Tue, Oct 14, 2003 - Page 8 News List

US response clear and level-headed

By James Wang 王景弘

After having been demoted to an opposition party, the position of the alien political power -- the Chinese Nationalist Party (KMT) -- on foreign affairs has undergone a big change. Close to the US and opposing China in the past, the party now cozies up to China and opposes the US. While close to the US and opposing China, they used US and Chinese positions to frighten local forces. Now their position has reversed, but they still play the same game. They aren't even above distorting or making up facts to achieve their goal of blocking the development of democracy.

They treat the Democratic Progressive Party's (DPP) position on the referendum issue in this way, and bestow the same treatment on President Chen Shui-bian's (陳水扁) call for a new constitution in 2006. Afraid that their own harangues against Chen won't carry any weight, they try to use Washington and Beijing statements to amplify them.

Beijing isn't muddle-headed and Washington even less so. Washington's response can only be described as downplaying such behavior, balanced and low key, avoiding interference in Taiwan's political wrangling instead of responding with great surprise or forceful interference.

In a question and answer session after a briefing on Sept. 29, US State Department spokesman Richard Boucher offered a complete assessment of Chen's call for a new constitution in 2006. Boucher's comment included the following three parts.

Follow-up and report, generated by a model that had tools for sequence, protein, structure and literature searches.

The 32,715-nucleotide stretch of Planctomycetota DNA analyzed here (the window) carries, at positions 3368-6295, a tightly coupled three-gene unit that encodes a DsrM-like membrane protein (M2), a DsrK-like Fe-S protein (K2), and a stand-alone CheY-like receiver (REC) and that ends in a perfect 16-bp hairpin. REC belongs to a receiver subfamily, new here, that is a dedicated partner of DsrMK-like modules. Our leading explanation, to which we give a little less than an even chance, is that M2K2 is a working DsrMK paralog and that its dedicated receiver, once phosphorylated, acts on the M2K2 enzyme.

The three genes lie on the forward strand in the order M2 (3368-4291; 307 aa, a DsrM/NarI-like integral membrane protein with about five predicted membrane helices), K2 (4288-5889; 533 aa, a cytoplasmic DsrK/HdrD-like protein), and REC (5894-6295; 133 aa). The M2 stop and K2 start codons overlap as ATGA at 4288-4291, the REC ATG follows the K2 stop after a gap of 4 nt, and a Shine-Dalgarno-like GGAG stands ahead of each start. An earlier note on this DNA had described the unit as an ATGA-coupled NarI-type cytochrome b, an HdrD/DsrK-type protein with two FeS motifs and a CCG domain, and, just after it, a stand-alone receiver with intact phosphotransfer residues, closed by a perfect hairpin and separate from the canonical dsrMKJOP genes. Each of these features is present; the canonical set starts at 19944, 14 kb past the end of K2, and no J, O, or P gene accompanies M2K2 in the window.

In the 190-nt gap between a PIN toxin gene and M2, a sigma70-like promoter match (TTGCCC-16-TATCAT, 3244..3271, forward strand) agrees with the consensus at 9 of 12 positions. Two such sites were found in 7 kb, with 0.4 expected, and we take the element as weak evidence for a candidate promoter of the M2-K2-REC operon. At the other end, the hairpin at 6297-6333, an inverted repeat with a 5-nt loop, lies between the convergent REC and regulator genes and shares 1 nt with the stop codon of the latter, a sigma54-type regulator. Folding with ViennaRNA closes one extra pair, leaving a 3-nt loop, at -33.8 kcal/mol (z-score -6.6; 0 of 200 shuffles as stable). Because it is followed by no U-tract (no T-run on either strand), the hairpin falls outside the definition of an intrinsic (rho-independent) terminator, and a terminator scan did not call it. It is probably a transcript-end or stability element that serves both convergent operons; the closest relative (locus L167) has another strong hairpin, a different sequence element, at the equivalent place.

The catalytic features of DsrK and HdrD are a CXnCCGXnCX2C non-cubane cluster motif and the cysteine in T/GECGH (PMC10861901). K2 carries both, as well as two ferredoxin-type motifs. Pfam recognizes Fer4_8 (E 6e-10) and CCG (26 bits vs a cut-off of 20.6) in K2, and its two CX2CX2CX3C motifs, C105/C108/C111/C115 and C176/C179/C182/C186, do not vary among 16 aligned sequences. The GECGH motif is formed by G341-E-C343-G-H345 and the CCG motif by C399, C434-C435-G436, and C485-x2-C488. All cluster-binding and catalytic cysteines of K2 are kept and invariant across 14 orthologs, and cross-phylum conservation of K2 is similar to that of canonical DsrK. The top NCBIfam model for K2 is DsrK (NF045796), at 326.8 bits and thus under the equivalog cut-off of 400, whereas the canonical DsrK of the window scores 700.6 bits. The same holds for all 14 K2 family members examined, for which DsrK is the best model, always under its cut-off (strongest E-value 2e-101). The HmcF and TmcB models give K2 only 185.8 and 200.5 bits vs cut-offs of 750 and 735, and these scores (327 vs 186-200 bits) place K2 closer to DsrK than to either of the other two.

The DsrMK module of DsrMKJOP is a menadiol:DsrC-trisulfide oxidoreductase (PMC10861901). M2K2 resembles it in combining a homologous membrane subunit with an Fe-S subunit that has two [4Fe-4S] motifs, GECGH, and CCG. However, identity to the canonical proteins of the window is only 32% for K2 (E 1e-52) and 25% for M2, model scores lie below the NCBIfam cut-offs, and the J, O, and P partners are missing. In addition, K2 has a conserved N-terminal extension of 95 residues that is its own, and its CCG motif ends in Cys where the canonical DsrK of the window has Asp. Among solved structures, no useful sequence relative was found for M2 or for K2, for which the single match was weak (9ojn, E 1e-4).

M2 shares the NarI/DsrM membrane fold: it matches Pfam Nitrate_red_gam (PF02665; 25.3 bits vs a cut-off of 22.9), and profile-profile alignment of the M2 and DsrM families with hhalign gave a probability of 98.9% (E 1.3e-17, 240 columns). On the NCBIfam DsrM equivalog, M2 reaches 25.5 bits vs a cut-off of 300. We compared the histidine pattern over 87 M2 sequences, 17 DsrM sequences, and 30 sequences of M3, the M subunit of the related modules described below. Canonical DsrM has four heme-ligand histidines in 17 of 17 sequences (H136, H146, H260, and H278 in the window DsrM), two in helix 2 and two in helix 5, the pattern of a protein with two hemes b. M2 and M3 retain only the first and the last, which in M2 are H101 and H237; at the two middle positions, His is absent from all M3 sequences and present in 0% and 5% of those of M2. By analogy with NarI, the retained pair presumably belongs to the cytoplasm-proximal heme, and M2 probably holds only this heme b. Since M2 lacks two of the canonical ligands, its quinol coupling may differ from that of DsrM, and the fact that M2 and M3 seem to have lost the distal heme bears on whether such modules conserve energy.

First, Boucher called Chen's statement an "individual campaign statement." This is due to the brilliance of both Chen and Washington. Chen made the statement at the DPP's anniversary celebrations, and provided a further explanation during a meeting of the DPP's Central Standing Committee. In other words, he clearly made these two statements in his capacity as DPP chairman and not in his capacity as president.

Having understood this point, Washington could naturally acknowledge them as Chen's stating his political opinion during a campaign, and as a vision for carrying out constitutional reform in order to realize democracy in Taiwan, rather than a policy to be immediately implemented.

Second, based on the definition of Chen's remarks as an "individual campaign statement," Boucher reiterated the US' stance that it "won't take a position on [Taiwan's] domestic politics." Competition in Taiwan's political process, how the parties attack each other and defend themselves, what choices voters make -- this is Taiwan's domestic business, and the US does not take a position on these issues.

Third, Washington made reservations for issues involving US interests. These are issues that the US feels are of fundamental importance to stability in the Taiwan Strait. The reservations Boucher cited are in fact the "four noes" that Chen pledged in his 2000 inaugural speech: "not to declare independence, not to change the name of Taiwan's government, not to add the state-to-state theory to the Constitution, and not to promote a referendum that would change the status quo on independence or unification."

Boucher said that "We have expressed our support and appreciation for that pledge in 2000, and his [Chen's] subsequent reaffirmations of it. And we would take it -- we continue to take it very seriously."

That was Washington's assessment. Anyone who necessarily must interpret it as "a warning" to Chen, a "deterioration in [US-] Taiwan relations," or as "creating trouble for the US" and other such nonsense, is not as cool-headed as are Washington officials. The US assessment mentions Chen's "four noes," but, more important, it doesn't "show concern" or "call for restraint," nor does it ask for "an explanation."

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